An Inconvenient Sequel Movie Review
An Inconvenient Sequel Movie Review Metadata
After his Academy Award-winning documentary An Inconvenient Truth brought greater attention to the climate change debate in 2007, Al Gore is back with AN INCONVENIENT SEQUEL: TRUTH TO POWER. Ignoring the fact that it is one of the worst titles of a movie (or shall we say documentary in this case), Gore hopes to bring renewed attention at a time when the current regime refuses to even acknowledge climate change. At one point, Gore states, “in order to solve the climate crisis, we have to solve the democracy crisis”. With a statement like that, you almost wish that this film had another year in production since you can only imagine how much fodder will come out of Trump’s first year in office. But more on that later.
This time around, Gore takes us around the globe, from flooding streets in Miami to melting streets in India. We learn that 14 of the 15 hottest years on record have taken place since 2000. We see awe-dropping ariels of glaciers exploding under the heat of the sun. And we learn more about the increase in climate related weather disasters occurring across our world. The need for solar energy is discussed ad nauseam.
Gore takes us to his boyhood home (which I still don’t quite understand why) and along to many of his Training Conferences where he is building an army of leaders to continue a fight that is so dear to him. A constant battle made up of “hope and despair”. It all leads up to the 2015 Climate Change Conference in Paris where the uneducated viewer witnesses a “will they/won’t they” decision by India on whether to partner with the other participating countries to eliminate greenhouse gasses. With 65% of pollution produced by the developing world and India being the second most populous country in the world, it is an important decision, but it is a decision that anyone following the news already knows the outcome. After India makes their decision we fast forward to the 2016 election and we begin to see Trump’s denial of global warming, but it’s what we don’t see and what is not talked about that is frustrating.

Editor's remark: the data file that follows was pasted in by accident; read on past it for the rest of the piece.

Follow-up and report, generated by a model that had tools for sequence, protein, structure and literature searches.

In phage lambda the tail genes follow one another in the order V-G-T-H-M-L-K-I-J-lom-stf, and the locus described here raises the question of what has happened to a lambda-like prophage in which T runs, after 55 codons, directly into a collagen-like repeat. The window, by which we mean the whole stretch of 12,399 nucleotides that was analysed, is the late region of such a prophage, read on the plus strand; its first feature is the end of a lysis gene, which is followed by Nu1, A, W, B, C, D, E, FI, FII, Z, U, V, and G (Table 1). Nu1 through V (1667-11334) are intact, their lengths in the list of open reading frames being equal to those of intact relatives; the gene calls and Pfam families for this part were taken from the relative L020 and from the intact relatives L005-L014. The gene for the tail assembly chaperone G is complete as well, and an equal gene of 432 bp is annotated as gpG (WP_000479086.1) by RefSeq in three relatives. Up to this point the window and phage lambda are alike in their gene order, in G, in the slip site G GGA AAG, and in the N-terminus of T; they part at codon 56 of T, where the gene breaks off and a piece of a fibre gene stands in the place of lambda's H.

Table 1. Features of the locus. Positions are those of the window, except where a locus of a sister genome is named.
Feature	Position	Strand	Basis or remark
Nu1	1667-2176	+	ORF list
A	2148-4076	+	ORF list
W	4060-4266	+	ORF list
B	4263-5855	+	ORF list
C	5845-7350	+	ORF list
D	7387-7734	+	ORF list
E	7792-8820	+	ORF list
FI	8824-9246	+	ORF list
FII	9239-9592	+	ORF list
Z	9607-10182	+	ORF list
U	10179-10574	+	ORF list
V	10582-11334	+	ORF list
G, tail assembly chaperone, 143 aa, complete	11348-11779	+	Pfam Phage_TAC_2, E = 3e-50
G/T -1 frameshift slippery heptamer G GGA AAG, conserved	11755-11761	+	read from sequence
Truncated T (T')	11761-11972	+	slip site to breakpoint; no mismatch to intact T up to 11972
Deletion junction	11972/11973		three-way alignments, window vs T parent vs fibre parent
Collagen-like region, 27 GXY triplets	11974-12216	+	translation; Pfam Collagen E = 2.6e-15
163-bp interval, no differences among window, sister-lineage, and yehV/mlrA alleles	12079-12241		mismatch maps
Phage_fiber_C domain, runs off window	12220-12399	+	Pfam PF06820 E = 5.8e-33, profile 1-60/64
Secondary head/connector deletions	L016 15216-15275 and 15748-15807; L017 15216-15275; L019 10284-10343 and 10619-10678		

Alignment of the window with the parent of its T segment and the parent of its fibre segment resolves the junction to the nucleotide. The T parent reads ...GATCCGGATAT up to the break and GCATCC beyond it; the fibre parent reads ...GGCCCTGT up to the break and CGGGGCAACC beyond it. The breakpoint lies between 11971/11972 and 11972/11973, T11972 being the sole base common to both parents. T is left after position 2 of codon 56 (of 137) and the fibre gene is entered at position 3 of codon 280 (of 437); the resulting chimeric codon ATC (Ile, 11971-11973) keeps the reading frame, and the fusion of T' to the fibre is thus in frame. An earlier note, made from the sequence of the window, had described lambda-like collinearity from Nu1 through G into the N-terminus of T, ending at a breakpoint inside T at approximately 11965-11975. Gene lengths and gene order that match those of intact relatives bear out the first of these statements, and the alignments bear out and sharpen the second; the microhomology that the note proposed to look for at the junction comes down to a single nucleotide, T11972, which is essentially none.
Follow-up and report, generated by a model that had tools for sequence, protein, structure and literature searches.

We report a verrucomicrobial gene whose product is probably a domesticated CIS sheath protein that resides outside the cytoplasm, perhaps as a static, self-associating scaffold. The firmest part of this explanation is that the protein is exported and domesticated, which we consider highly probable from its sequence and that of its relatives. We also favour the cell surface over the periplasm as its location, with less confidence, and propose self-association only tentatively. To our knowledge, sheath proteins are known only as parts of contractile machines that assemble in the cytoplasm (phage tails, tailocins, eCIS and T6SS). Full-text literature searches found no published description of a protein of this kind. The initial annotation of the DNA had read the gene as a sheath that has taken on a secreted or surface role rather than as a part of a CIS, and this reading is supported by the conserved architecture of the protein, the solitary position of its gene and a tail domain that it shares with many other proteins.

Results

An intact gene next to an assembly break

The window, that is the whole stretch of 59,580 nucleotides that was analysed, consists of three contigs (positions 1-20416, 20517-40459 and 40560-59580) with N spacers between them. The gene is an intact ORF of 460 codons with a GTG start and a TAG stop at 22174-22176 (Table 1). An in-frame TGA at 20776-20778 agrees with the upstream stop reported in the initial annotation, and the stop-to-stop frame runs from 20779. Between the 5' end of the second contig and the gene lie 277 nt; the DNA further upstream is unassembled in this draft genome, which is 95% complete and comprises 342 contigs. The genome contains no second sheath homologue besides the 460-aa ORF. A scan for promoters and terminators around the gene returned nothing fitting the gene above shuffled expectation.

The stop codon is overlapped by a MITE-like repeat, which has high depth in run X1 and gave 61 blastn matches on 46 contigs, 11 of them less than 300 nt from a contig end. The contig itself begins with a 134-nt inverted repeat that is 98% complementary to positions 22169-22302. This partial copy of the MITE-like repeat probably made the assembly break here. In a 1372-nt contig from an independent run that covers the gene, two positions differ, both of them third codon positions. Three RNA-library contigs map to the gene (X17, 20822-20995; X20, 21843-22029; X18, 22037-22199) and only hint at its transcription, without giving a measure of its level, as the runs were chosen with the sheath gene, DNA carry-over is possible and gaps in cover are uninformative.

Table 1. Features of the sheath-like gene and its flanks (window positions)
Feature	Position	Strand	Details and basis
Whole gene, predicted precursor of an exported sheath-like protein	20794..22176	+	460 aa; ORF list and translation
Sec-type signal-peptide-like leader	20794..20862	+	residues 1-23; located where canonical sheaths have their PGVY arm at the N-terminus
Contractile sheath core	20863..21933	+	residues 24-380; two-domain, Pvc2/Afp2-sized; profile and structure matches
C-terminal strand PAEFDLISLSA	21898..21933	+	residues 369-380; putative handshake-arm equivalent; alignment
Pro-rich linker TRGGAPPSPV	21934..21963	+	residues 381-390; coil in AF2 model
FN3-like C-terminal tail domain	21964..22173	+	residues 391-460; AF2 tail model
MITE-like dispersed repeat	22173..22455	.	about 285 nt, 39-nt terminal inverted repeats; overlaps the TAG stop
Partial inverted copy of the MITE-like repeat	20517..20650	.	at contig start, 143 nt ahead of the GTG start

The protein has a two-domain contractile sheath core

AN INCONVENIENT SEQUEL is educational and may prove valuable for K12 and college curriculum, but it neglects to represent the opinion of the other side, only providing short sound bytes of Gore’s dissenters in the beginning of the film.
A big misstep is releasing the documentary with Trump only being in office for three months (minus some last minute graphics and updates). In doing so, Gore disregards addressing Trump’s appointment of former ExxonMobil CEO Rex Tillerson as Secretary of State, Rick Perry as Secretary of Energy (a department that Perry once wanted to eliminate as a presidential candidate), and Scott Pruitt, a climate change denialist, as the head of the EPA. Gore ignores that climate change was wiped from the White House website and that half of the scientists who provided scientific guidance on air and water quality were fired once the new regime took over the White House. And because the film has been in the can for some time, it leaves out the fact that just the last few months, the Trump administration reversed a ban on toxic pesticides including Chlorpyrifos which thousands of pediatricians agree is dangerous for the development of kid’s brains, that the administration has rolled back initiatives on pollution in U.S. streams, and of course a deeper dive into Trump’s decision to pull out of the Paris agreement. Rather than picking apart the arguments of the political right, Gore simply chooses to show his side and what he believes to be right.
If Gore wants to provide such a one-sided approach as he has with this film, at least pound home the fact that one party is shutting the door on saving our environment. A bit of this being a battle between political parties is demonstrated in the film (take, for example, Gore’s struggle to launch a satellite in space to take daily pictures of the earth to monitor changes), however, no administration has taken such a hard line stance against facts like Trump’s cronies. In fact, this review has officially become “fake news” because it inconveniently disagrees with Trump’s (lack of) environmental policies.
For those who believe climate change is real, they will agree that action is required. For those who claim that climate change is a hoax, they will view this documentary as Democrat propoganda. Fact or fiction, a two-sided approach to climate change would have provided a much more powerful punch at the conclusion of SEQUEL. And, at the end of the day, whereas An Inconvenient Truth spurred people to action, AN INCONVENIENT SEQUEL feels repetitive and lacks the media focus on climate change to help motivate change outside of Gore’s followers.